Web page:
Calories in Food

Understanding calories, and more specifically the relationship between food volume and calories in food, is of utmost importance. Cooked foods generally have little water, and thus they have more calories per bite than fresh, high-water foods. This in practice means that the same number of calories is found in a smaller portion of cooked and fatty foods compared to a larger portion of fresh, low fat foods.

On a cooked diet, people are used to a standard portion size of a meal and thus have a perception of a meal size from their experience of eating only cooked meals. This perception of small portion sizes is especially true of fruits, which are usually viewed only as a snack or dessert.

Now let’s acknowledge that our bodies do not assimilate grams or ounces from food, but calories. With this understanding, let’s look at some specific examples.

700 calories are in the edible portion of:

  • 800g / 28oz bananas


  • 4,000g / 140oz zucchini


  • 260g / 9oz of bread


  • 6 tablespoons of olive oil


  • 400g / 14oz chicken

We see that a larger volume of fruits and vegetables is needed to bring in the same number of calories found in a smaller volume of fatty or starchy, cooked foods.

Let’s also acknowledge that volume of zucchini for example. The same calorie saturation applies to other vegetables, whether cooked or not. As it is difficult to eat 4kg / 8.8 lbs of zucchini at a time, it is logical to conclude that we cannot rely on vegetables for sufficient caloric intake and that fruit is a more reliable support.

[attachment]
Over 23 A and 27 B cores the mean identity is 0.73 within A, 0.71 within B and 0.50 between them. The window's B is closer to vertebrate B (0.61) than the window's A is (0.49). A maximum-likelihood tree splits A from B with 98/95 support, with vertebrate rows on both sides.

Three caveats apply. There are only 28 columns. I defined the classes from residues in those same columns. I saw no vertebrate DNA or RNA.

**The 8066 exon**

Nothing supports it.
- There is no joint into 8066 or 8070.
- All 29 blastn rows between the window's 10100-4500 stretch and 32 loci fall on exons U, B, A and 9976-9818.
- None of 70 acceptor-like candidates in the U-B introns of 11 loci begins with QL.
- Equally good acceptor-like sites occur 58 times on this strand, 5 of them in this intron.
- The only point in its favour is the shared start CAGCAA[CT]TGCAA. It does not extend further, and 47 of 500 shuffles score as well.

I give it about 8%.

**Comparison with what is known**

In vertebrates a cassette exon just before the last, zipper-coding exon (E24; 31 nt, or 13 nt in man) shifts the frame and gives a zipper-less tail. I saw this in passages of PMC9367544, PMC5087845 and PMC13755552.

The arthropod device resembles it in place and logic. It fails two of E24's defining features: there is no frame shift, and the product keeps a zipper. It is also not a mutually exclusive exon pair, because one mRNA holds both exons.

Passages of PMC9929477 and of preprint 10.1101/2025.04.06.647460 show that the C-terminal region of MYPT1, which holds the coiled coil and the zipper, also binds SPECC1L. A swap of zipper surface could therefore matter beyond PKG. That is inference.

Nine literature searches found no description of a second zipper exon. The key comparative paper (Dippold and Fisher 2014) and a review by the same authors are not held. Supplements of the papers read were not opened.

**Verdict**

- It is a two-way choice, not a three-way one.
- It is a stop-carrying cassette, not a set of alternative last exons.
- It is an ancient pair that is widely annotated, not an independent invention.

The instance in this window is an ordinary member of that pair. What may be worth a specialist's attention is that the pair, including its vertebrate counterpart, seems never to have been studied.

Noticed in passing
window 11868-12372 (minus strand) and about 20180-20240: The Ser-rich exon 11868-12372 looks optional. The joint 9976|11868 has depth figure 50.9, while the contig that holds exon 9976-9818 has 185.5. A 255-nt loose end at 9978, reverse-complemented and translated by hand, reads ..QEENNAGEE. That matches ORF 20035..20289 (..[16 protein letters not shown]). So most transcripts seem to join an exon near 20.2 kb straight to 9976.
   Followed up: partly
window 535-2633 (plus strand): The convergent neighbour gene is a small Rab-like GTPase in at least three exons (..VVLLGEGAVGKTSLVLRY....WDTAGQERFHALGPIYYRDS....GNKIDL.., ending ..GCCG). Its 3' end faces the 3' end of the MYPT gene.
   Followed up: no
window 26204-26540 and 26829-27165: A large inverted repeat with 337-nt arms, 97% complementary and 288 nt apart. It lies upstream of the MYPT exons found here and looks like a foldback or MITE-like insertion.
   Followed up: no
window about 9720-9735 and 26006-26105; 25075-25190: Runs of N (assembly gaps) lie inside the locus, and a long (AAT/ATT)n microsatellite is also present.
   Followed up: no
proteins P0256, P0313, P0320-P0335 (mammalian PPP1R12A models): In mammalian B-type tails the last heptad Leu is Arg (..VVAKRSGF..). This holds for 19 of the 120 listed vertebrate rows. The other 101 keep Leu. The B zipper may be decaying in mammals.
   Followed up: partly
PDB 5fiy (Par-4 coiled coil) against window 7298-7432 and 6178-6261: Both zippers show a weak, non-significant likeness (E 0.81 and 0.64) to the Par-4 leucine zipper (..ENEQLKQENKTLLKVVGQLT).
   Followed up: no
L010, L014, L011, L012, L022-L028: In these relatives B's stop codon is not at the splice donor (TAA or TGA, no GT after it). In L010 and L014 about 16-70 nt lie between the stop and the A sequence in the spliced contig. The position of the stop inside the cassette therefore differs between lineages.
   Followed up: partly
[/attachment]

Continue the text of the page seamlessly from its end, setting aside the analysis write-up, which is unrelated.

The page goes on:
But let’s now see the following example:

700 calories are in the edible portion of:

  • 100g / 3.5oz of fresh walnuts


  • 120g / 4.2oz of sunflower seeds


  • 430g / 15oz avocado

We see that although it is a fresh, unprocessed food, it does contain relatively a lot of calories in a relatively small amount. The reason for this is that it is a seed, nut or fatty fruit, all which contain a lot of fat.

  • 1g fat = 9 calories
  • 1g carbohydrates = 1g protein = 4 calories

The conclusion would be, fresh foods that contain a low percentage of fat and plenty of water, which are generally fruits and vegetables, (with a few exceptions for fruits – avocados, durians, asai and coconut), have relatively few calories per bite, so you just need more bites to meet your caloric needs.

Clearly, larger portions are needed on a diet of fruits and vegetables because the food is full of water, so the calories are diluted.

  • Understandable. But how do we know how many calories we need?

That is the next logical question, and the answer is just around the corner, so let hop onto the next lesson!

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